The government will face pressure over proposed changes to the planning system in England later when MPs debate a new formula for assessing housing need.
Tory backbenchers have expressed concern about the formula, which analysis says could see big rises in the number of new homes for some areas.
Conservative MP Bob Seely said the plan would “hollow out our cities and suburbanise the countryside.”
The government said the plan was “still part of a consultation”.
But a spokeswoman for the Ministry of Housing, Communities and Local Government (MHCLG) said they needed to make sure the formula was “set up to deliver the new homes the country needs”.
MPs will debate Mr Seely’s motion on Thursday afternoon, which urges the government to delay the introduction of the new system until the Commons has a chance to fully debate and hold a meaningfully vote on it.
Members may get a chance to vote on Mr Seely’s motion on Thursday – but the result would be non-binding.
The Isle of Wight MP argued the new formula would lead to increased numbers of homes in the rural shires and suburbs, while housing in the urban North and Midlands would fall.
Speaking to the BBC, Mr Seely described the plans as “the worst of all worlds”, adding: “This is not levelling up, it is concreting out.”
He said: “Tory shire voters will be furious [and] red wall voters will feel betrayed”.
The MP called on the government and MPs to find “a better way to balance new housing for first time buyers with protecting communities from urban sprawl”.
According to research carried out by Lichfields Consultants for the House of Commons Library, seen by the BBC, the revised formula could mean major increases in the number of new homes for some areas.
For example, in each of the county council areas of Norfolk, Leicestershire, Kent and Worcestershire, it translates to around an extra 2,000 homes a year over 15 years.
But a spokeswoman for the MHCLG said, as the plan is still out for consultation, “the figures reported are entirely speculative”.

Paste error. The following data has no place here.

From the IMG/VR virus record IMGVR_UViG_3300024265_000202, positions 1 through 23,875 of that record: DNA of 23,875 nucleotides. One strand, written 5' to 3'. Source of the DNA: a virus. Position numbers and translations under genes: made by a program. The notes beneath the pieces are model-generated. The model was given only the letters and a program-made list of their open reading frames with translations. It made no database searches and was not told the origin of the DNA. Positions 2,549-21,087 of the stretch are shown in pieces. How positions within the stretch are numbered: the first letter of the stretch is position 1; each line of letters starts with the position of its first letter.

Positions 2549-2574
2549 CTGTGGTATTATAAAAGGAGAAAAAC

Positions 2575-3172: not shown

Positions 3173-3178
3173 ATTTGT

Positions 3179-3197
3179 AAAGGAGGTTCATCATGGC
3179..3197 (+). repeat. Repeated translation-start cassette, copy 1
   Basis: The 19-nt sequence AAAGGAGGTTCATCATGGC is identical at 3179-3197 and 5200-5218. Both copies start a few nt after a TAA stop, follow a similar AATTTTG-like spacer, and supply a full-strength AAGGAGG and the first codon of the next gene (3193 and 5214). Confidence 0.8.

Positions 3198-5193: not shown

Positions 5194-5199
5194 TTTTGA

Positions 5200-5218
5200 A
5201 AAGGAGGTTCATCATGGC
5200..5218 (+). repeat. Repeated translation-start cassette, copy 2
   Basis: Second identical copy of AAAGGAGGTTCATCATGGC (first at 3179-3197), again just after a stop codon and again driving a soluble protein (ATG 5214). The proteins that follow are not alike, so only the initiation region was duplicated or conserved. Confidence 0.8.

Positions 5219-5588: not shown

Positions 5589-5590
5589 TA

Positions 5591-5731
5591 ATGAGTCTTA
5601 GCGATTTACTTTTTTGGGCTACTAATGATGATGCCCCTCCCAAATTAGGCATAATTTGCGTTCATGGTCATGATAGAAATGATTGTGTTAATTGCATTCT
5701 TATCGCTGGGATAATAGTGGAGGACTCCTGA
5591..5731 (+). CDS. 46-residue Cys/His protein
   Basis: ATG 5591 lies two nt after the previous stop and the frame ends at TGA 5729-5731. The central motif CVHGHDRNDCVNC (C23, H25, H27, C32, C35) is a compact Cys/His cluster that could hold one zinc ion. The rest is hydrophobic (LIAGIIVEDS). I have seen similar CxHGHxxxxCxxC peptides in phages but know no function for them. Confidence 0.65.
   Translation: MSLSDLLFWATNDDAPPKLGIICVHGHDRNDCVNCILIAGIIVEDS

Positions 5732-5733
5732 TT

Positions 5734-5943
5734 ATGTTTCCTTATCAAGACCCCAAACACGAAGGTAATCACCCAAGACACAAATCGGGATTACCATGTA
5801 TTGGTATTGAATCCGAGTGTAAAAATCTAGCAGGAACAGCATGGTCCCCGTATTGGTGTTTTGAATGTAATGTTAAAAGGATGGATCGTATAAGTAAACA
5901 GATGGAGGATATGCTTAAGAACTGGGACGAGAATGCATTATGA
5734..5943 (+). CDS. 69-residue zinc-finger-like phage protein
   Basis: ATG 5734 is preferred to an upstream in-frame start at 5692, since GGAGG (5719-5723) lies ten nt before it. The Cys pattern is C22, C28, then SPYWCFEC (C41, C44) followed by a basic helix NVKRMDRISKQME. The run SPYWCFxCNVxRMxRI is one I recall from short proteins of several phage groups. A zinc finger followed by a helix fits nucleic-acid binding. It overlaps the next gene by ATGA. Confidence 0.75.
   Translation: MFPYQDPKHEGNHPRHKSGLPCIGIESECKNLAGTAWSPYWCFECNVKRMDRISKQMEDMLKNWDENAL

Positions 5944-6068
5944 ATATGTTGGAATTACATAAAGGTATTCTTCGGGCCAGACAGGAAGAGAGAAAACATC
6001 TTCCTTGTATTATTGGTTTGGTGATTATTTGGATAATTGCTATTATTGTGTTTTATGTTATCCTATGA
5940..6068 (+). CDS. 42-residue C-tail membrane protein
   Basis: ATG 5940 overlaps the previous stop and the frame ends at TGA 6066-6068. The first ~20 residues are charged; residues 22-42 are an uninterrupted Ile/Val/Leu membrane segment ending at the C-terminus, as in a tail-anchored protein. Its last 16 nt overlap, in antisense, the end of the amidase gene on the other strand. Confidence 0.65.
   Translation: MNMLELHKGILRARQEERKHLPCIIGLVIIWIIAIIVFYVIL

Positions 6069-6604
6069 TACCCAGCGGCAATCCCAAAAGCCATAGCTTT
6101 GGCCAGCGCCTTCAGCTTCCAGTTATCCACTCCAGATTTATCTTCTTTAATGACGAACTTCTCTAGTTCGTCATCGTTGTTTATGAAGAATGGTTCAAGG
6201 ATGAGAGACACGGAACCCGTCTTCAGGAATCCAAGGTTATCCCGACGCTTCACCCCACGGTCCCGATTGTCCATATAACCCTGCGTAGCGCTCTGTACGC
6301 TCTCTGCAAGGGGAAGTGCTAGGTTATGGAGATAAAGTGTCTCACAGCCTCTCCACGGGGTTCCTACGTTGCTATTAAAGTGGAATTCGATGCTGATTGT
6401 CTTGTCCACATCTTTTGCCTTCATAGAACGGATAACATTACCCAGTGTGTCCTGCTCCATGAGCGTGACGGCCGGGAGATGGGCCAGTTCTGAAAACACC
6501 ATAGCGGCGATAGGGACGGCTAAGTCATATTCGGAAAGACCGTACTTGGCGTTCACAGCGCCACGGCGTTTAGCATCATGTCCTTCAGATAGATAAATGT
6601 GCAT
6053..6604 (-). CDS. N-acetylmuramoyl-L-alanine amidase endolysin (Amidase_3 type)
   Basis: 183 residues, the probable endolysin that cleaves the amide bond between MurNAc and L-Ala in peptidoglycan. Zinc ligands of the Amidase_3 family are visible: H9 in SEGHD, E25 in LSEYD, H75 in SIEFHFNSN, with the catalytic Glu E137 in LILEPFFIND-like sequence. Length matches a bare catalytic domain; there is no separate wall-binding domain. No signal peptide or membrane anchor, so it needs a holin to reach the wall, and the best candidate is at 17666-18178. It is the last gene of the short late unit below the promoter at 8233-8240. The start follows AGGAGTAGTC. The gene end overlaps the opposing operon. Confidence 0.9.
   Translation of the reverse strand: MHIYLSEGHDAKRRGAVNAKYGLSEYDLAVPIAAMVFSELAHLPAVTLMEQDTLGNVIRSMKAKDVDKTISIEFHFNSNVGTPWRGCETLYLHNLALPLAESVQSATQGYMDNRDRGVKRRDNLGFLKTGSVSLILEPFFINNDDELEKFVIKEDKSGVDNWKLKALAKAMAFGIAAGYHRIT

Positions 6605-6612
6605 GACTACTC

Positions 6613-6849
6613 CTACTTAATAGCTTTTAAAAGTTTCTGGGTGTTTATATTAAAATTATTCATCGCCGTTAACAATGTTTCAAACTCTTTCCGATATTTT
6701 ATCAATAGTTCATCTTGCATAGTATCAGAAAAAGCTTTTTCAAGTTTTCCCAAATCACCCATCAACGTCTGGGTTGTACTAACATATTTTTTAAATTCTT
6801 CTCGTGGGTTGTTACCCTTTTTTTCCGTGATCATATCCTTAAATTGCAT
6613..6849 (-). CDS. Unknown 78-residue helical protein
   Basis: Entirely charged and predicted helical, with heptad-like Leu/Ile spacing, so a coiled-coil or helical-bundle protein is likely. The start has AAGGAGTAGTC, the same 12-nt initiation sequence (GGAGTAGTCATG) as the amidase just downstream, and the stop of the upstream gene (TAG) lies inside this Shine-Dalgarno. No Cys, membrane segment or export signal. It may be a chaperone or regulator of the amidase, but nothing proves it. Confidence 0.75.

She added: “It has been over two years since the current formula was introduced, so we need to make sure it is set up to deliver the new homes the country needs.
“What we are proposing are not targets, they would provide a guide for councils on how many homes may be needed in their area.
“This would be first stage in the process to measure demand, and as before, environmental constraints like Green Belt and land availability will be taken into account.”
The formula is part of wider government plans to overturn the planning system.
The government said its proposals – which are open to consultation until 29 October – included allowing more building on Brownfield land, ensuring all new streets are tree-lined and requiring new homes to be “zero-carbon ready”.
Challenged about the subject at Prime Minister’s Questions, Boris Johnson insisted there was “an abundance of Brownfield spaces across the whole of the UK”.
And setting out his plans in August, he said it took “far too long to build a home in this country” and suggested the planning system was partly to blame.
The government has insisted that local communities will be consulted “from the very beginning of the planning process”.